Re: Euphoria's identity/philosophy -- Where is the focus?

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I think EUPHORIA's core identity is the following:

  1. to have only one kind of data: objects which are an atom or a sequence of objects
  2. to have pass by value for *everything*. Not only atoms but sequences as well.
  3. in contrast to the famous expression "Garbage In, Garbage Out". Euphoria is Garbage In, Error Out.

There is a bit of a compromise with poke and peek. We have what in C are void* pointers. This violates the first principle (they are atoms that you can get other information from), yet Euphoria would be very limited if you couldn't do this kind of thing. A wrapper library is supposed to hide these routines.

Euphoria sequences are most like arrays in other languages. A number is a number. There is no concept of 5 the complex number vs. 5 the floating point number vs. 5 the integer. Any library that works with very large numbers violates this idea. For the sake of argument I implemented 320 bit big endian integers using sequenes in the namespace bignum. Because now we have 5 vs. bignum:new("5") which are different but the same, we no longer have 5 is just 5 anymore. Such objects are useful, however.

It would be nice if we could reconcile the later in such a way that 5 == bignum:new("5") would return 1. The only way I can see to do this is to allow arbitrarily long integer and floating point sizes to be used by default and to have an 'approx' function that could be used to crunch them back into 64-bit double floats again. As an optimization approx( 10 / 3 ) would simply be division by double floats.

Other languages pass by reference and value. Euphoria has pass by value or it looks like that from the user's prospective. The fact that it copies on write is an implementation detail on how it implements pass by value. There are ways around that though. Like the std/map.e library which uses false pointers. This has caused some confusion among some users who save the map to a disk, (really only a handle) and find the map doesn't exist when another process tries to use the same handle. That's the cost of using false or real pointers. The win is you get pass-by reference semantics with std/map. If it were pass-by-value, each routine would need to return a new map in order to modify an existing one. Some deem always returning the modified structure to be a less attractive way of doing things.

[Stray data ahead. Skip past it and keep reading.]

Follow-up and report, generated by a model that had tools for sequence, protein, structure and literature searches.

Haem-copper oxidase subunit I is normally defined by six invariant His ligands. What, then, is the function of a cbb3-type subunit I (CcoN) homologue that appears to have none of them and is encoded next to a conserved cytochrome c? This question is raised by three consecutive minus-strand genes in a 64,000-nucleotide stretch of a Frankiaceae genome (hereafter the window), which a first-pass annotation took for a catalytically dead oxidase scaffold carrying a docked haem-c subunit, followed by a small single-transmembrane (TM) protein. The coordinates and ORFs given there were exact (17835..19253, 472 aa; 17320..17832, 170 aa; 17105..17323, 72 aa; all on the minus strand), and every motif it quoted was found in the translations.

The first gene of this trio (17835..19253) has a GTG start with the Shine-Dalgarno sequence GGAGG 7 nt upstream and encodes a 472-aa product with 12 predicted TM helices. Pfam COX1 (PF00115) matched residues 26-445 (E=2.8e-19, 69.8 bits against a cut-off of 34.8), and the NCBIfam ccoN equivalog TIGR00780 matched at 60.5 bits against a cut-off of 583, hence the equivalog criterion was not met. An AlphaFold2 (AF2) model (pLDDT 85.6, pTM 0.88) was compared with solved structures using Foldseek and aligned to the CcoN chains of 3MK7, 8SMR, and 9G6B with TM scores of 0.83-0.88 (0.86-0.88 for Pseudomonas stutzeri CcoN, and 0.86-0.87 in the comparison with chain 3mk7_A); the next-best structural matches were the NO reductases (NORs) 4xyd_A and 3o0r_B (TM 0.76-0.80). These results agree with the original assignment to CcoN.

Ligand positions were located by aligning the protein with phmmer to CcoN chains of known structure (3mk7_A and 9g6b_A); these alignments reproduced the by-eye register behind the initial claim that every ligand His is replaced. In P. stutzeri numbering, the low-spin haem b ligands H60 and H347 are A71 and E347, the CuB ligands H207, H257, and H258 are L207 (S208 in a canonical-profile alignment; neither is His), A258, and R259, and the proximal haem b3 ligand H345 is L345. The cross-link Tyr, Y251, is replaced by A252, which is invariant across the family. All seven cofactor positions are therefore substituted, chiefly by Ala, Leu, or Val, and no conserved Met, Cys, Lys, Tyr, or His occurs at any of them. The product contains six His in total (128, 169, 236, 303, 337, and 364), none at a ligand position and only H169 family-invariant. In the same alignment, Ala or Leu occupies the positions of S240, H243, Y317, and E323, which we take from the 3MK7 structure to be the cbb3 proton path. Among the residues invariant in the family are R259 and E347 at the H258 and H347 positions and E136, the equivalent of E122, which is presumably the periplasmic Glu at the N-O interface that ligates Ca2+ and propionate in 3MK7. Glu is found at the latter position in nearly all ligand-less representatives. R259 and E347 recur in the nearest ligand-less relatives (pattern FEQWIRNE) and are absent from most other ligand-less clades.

Finally, garbage in, error out. The user is supposed to know a value should attain a certain value, run-time type checking catches this error, assigning to an index out of bounds is an error, etc. If possible, don't let the user shoot himself in the foot.

I think that often the last principle is in conflict with the first. Having distinct types prevent all kinds of errors from happening. As mentioned before, pointers in Euphoria are essentially void*, for they are simply just numbers (principle 1) and they do not have the structure type information that you get with C in int* and so on. The coder has to determine the type on each access (against principle 3). The EUPHORIA parser cannot check for this.

The three-principles are in order of importance, except that principle two and one are at par with each other.

Shawn Pringle

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